The Senate will begin work next week on a bill that would repeal the $6 billion cut to military pensions.

Senate Majority Leader Harry ReidHarry ReidThis week: Congress awaits Comey testimony Will Republicans grow a spine and restore democracy? Racial representation: A solution to inequality in the People’s House MORE (D-Nev.) filed cloture on the motion to proceed to S. 1963, which was introduced by Sen. Mark PryorMark PryorMedicaid rollback looms for GOP senators in 2020 Cotton pitches anti-Democrat message to SC delegation Ex-Sen. Kay Hagan joins lobby firm MORE (D-Ark.). The first procedural vote will occur Monday evening.

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Pryor’s bill would repeal the $6 billion pension cut from the December 2013 budget deal that has come under harsh criticism, but the measure is not offset with a pay-for.

The Senate Armed Services Committee is prepared to mark up the legislation Monday, and Chairman Carl LevinCarl LevinDemocrats and Republicans share blame in rewriting the role of the Senate For the sake of American taxpayers, companies must pay their fair share What the Iran-Contra investigation can teach us about Russia probe MORE (D-Mich.) said he wants to have floor amendment votes on offset proposals.

Sen. Bernie SandersBernie SandersOvernight Regulation: Biz groups push to scrap rule on reporting employee pay | GOP skeptical of Trump paid leave plan GOP skeptical of Trump plan for paid parental leave Sanders: Trump plan to cut Medicaid is 'just cruel' MORE (I-Vt.) has introduced an omnibus veterans bill that also addresses the issue, paying for the pension fix by using funds from the wars in Iraq and Afghanistan. Republicans said that wasn’t a true pay-for, however.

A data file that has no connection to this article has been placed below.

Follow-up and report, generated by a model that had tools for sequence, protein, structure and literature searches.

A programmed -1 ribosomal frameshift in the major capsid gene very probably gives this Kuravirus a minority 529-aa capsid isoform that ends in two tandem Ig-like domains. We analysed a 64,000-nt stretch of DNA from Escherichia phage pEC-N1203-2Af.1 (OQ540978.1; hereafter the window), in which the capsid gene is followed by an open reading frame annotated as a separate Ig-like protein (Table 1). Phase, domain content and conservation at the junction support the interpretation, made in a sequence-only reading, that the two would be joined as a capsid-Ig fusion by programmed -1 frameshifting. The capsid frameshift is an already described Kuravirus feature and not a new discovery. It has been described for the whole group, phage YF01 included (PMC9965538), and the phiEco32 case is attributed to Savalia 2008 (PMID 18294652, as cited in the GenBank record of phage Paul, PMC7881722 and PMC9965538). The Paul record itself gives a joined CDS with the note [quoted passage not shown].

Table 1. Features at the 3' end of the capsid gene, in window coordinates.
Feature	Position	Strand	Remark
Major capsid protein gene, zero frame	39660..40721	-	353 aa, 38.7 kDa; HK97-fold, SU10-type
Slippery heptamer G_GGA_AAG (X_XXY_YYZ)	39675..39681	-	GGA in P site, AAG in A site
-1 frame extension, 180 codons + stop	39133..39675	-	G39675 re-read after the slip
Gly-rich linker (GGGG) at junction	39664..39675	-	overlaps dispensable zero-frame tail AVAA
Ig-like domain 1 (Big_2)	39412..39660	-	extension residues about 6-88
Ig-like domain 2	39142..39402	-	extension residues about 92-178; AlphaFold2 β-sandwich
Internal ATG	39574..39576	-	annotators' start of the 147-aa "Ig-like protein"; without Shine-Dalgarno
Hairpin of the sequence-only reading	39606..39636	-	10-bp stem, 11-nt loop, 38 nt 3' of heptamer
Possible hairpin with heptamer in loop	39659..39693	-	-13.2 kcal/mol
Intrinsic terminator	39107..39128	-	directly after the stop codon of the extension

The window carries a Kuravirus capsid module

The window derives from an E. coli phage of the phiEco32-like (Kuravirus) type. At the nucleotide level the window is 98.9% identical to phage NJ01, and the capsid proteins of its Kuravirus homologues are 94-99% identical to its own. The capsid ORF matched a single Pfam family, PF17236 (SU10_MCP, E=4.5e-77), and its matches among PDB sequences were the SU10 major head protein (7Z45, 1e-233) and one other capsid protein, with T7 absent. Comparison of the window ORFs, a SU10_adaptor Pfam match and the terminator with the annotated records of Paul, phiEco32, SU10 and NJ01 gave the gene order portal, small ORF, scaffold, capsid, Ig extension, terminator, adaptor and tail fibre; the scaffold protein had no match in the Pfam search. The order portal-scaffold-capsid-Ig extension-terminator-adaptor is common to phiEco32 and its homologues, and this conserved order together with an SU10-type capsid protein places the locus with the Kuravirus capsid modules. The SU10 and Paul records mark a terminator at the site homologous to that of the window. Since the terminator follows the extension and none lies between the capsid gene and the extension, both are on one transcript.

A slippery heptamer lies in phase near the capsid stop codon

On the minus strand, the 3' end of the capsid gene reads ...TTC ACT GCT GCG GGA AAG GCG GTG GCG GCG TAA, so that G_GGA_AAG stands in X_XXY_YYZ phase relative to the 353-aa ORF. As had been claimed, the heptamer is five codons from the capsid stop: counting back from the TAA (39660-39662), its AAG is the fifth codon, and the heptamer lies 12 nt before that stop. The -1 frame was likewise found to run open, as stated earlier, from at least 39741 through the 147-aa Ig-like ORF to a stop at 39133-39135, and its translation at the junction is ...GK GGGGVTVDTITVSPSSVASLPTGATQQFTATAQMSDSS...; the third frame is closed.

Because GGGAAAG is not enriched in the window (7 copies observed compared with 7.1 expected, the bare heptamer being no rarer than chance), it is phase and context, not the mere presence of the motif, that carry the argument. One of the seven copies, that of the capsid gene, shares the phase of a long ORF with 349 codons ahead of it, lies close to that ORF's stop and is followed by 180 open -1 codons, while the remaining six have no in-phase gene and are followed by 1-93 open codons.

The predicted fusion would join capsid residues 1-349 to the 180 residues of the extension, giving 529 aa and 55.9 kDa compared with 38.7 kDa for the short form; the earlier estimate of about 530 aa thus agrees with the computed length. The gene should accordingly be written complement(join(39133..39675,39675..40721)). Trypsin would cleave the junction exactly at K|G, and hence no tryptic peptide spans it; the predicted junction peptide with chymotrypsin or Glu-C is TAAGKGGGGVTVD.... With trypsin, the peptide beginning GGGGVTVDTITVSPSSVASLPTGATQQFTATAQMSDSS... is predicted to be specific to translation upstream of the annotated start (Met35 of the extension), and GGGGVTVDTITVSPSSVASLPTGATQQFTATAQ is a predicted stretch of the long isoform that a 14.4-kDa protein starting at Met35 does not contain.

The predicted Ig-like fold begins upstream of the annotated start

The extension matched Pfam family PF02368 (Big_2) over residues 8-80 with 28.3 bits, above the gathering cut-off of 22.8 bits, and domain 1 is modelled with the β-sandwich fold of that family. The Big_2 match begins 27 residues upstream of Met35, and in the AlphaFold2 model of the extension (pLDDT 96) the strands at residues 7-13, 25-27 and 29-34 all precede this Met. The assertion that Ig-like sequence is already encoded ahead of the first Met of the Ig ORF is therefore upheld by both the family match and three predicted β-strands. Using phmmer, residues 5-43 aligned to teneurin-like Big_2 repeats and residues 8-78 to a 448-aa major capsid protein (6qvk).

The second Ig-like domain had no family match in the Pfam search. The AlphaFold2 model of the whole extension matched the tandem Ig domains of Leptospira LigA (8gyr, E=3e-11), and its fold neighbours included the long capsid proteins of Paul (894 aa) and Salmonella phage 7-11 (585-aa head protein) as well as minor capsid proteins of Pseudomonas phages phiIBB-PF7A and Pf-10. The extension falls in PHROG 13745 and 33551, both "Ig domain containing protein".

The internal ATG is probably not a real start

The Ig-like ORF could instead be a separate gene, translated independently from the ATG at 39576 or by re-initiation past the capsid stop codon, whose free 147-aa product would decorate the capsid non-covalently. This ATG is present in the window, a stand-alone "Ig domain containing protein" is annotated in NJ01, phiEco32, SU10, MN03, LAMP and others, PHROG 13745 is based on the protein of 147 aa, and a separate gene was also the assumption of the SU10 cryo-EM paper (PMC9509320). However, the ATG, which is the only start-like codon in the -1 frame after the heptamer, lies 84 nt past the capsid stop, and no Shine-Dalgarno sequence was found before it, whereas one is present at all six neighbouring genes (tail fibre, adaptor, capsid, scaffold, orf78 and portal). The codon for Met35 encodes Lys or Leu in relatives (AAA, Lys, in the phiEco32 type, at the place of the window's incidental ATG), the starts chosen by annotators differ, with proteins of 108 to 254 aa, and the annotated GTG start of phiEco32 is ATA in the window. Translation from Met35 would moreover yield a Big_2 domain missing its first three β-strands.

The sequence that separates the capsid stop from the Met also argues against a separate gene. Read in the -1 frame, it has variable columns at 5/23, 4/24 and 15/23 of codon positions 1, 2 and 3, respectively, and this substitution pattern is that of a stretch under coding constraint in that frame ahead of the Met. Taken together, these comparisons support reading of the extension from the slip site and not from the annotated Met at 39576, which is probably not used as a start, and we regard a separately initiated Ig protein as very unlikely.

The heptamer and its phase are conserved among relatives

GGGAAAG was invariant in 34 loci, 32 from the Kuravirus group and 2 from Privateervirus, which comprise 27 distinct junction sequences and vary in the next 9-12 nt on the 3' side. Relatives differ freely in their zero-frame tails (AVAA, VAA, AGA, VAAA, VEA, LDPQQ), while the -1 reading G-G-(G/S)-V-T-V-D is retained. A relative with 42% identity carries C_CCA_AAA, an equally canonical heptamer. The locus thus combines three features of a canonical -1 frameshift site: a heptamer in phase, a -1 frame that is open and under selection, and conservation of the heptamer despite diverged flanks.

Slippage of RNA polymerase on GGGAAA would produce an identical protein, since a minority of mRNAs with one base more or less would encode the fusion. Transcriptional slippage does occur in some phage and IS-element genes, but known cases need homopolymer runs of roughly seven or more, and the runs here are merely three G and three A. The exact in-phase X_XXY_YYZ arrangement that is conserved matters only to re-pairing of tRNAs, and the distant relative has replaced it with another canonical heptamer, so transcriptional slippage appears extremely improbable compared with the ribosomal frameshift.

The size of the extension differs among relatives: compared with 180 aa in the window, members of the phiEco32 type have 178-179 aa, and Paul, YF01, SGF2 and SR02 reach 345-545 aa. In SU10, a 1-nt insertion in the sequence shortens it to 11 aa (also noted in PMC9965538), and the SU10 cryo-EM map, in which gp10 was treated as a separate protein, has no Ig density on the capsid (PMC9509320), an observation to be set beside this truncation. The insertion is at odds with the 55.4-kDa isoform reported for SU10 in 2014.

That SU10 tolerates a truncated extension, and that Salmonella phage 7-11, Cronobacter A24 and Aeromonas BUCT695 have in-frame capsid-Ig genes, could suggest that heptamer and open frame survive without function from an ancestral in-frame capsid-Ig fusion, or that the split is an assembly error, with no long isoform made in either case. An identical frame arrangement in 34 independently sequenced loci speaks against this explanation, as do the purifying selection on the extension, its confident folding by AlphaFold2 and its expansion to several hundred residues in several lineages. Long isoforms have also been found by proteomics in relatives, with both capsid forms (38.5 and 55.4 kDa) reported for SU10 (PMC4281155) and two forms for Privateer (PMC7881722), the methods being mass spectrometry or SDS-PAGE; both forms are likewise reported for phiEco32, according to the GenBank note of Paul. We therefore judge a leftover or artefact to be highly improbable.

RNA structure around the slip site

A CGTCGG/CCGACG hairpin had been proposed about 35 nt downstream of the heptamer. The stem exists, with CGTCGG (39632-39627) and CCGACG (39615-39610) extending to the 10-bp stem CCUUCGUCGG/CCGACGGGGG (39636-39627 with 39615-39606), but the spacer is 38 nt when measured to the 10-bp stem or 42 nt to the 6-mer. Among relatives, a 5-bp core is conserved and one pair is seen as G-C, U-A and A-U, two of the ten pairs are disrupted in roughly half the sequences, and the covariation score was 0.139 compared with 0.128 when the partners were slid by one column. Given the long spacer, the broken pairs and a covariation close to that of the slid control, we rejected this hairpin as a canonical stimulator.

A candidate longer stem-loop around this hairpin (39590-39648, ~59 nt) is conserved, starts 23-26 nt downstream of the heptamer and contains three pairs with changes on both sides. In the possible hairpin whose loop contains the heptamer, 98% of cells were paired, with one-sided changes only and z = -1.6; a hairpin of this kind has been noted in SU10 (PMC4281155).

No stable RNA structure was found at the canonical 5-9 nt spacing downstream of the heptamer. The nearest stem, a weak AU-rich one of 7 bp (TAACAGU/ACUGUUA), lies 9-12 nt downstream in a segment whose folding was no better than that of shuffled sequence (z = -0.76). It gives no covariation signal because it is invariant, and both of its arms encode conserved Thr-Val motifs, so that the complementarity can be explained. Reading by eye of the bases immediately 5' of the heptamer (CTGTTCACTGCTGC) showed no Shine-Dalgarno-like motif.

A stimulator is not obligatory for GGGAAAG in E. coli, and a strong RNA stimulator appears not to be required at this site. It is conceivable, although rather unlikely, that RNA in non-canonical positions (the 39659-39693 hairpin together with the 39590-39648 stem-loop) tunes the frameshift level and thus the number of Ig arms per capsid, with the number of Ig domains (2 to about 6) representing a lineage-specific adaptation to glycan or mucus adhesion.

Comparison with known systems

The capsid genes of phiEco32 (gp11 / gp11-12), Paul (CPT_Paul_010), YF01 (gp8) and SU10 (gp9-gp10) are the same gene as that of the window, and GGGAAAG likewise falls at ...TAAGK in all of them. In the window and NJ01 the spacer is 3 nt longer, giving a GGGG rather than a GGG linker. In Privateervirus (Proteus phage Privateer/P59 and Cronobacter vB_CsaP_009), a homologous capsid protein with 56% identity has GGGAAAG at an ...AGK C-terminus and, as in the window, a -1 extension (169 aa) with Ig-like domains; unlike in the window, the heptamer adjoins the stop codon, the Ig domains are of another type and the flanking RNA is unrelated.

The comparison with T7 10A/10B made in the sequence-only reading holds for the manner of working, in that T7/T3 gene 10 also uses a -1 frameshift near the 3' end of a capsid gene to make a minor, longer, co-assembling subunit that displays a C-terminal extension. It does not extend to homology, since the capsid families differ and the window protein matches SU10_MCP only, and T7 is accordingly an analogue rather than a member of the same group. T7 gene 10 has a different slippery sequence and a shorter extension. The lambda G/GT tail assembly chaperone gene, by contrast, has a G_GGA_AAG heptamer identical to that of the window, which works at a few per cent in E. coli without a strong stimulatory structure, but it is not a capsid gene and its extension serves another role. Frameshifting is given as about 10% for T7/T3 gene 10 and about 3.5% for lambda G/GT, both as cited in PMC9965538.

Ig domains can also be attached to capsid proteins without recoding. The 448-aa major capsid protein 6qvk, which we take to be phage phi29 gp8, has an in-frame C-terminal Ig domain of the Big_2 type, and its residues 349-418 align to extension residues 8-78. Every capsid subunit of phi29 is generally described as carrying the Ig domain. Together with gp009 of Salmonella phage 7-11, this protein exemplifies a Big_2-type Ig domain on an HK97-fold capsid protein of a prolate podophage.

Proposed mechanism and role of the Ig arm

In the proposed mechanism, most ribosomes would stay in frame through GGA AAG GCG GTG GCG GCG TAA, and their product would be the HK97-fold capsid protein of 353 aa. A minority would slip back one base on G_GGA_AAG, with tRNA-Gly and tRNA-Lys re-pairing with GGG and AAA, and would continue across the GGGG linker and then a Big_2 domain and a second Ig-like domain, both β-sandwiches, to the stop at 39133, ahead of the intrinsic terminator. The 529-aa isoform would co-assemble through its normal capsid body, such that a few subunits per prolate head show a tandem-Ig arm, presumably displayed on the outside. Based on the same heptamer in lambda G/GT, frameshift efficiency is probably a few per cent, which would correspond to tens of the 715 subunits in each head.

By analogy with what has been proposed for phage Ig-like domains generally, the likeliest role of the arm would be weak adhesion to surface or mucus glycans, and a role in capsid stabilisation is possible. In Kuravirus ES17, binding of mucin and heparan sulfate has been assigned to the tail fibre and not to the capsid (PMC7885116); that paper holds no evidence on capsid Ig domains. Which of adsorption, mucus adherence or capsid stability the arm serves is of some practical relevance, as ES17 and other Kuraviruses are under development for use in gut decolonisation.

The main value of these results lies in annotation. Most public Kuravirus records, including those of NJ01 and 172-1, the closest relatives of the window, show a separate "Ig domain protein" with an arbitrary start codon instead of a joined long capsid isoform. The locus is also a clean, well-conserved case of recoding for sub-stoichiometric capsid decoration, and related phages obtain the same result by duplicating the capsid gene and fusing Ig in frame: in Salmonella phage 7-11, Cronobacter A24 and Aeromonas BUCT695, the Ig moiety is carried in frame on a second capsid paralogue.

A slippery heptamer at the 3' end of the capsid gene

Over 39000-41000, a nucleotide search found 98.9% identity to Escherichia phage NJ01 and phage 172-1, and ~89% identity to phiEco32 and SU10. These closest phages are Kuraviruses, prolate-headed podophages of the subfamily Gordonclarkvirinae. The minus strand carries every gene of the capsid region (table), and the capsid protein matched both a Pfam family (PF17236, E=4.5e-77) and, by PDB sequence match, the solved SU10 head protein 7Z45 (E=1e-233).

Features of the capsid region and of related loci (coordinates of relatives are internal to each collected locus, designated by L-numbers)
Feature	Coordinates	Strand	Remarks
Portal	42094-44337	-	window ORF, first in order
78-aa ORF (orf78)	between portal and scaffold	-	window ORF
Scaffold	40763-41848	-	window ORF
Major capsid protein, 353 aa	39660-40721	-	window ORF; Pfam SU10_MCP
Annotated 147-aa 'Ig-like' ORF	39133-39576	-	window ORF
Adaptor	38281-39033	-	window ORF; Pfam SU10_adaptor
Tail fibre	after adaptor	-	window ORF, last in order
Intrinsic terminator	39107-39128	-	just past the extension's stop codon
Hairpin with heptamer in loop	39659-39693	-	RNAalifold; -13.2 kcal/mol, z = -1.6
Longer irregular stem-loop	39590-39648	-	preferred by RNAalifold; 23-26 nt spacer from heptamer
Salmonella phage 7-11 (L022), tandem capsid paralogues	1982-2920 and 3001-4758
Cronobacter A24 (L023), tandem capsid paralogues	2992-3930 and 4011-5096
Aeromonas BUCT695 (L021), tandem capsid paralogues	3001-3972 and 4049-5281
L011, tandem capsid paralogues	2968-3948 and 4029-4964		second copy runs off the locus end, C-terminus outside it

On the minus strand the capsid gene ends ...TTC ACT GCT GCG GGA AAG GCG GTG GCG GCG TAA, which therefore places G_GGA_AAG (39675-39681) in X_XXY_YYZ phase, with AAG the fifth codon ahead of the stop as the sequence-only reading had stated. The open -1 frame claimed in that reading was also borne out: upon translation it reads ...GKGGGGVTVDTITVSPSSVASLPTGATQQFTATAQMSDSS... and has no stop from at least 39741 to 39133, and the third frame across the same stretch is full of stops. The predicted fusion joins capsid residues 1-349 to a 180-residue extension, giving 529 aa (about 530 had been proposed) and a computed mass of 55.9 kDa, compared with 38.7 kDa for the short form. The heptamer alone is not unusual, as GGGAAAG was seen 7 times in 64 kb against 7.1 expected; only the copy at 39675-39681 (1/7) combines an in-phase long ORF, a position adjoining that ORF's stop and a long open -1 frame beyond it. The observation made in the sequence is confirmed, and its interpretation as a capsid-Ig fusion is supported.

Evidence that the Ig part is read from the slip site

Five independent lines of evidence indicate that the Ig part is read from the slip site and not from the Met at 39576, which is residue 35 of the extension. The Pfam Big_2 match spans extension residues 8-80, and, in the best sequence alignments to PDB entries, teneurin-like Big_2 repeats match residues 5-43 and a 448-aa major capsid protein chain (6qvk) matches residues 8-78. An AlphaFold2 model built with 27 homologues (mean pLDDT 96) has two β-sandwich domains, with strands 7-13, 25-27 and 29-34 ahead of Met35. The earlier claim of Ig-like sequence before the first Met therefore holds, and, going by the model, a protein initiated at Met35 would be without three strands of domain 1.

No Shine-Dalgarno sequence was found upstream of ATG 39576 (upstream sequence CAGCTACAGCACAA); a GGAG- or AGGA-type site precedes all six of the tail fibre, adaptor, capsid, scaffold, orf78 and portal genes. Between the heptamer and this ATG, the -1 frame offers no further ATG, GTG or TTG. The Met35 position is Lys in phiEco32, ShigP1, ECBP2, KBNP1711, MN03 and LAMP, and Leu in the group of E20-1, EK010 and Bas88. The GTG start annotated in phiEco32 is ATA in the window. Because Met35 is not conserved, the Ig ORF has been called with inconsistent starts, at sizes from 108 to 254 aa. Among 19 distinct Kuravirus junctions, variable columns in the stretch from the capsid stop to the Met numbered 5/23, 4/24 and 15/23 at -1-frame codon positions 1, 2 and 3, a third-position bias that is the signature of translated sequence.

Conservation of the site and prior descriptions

Democrats have rejected a proposal from Sen. Kelly AyotteKelly AyotteWeek ahead: Comey firing dominates Washington GOP senators pitch Merrick Garland for FBI director Kelly Ayotte among candidates to be FBI director: report MORE (R-N.H.) that would reverse the pension cuts by preventing illegal immigrants from claiming a child tax credit. Democrats had other proposals as well that targeted offshore tax loopholes, but those were non-starters with Republicans.

In the budget deal, some veterans' cost-of-living retirement benefits were reduced by 1 percent. The omnibus spending bill corrected the fact that disabled veterans' benefits were also cut, but some lawmakers have argued no service member should see a reduction in cost-of-living increases.

If 60 senators vote to end debate on the motion to proceed, the Senate will likely spend the rest of the week debating that bill.